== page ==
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Frost action parameters (cooling rate, freezing temperature, duration of freezing, warming rate, thawing temperature, and duration of thawing) for composite roof deck systems composed of structural concrete and asphalt-gravel surface materials, with and without insulating layers, were developed using climatic data from Chicago, Illinois. All calculations were accomplished by use of a multilayered, transient, heat-transfer model developed at the University of Illinois.
An idealized freeze-thaw cycle was established for analysis purposes. The frost action parameter data showed substantial variability as related to the effects of position in the composite section and time of year. Comparisons of the data with standard freeze-thaw testing procedures indicate that the standard procedures many times do not adequately simulate field service conditions. It is indicated that frost action parameter data, similar to those generated in this study, should be considered in the development of realistic and rational freeze-thaw durability testing procedures. From the results of this study, it would appear that testing procedures developed from quantitative freezing and thawing parameters should be used to assess the durability of composite roof deck systems.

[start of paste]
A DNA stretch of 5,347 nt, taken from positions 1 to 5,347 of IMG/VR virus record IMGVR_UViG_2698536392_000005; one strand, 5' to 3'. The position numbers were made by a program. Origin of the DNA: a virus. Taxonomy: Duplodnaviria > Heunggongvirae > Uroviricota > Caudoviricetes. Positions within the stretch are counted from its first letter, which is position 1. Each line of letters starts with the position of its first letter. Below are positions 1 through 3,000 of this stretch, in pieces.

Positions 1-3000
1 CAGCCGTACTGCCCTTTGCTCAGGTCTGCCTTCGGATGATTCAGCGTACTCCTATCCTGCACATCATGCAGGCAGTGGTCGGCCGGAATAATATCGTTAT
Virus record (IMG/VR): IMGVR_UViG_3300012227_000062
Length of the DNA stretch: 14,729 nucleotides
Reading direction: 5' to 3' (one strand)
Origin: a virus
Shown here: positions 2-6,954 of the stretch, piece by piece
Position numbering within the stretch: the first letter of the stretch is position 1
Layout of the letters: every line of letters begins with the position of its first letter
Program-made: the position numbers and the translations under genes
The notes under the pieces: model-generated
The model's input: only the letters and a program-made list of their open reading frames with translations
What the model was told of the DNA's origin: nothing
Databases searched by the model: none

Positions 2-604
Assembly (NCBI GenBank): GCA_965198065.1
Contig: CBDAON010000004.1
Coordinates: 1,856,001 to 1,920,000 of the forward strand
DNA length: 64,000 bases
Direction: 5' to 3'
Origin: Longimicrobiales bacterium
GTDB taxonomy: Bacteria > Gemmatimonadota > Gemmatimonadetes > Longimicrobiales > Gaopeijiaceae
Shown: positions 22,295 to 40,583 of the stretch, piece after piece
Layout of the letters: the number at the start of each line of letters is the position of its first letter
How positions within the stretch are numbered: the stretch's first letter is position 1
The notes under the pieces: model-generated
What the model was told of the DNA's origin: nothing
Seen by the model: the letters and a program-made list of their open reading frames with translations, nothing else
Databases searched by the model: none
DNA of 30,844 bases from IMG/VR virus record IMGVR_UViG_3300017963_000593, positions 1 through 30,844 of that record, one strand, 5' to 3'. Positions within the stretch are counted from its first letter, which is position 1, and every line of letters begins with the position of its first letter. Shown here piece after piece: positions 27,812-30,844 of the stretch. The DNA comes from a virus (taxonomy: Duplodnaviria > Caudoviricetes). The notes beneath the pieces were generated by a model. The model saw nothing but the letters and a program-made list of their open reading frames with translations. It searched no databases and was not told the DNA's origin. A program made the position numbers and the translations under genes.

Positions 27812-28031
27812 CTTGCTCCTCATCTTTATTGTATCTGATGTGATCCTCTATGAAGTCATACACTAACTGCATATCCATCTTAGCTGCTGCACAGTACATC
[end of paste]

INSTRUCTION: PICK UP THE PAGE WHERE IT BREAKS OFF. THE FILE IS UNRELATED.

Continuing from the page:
roofing, composite materials, temperature, heat transfer, freeze-thaw, durability, building materials
Professor, University of Illinois, Urbana, Ill.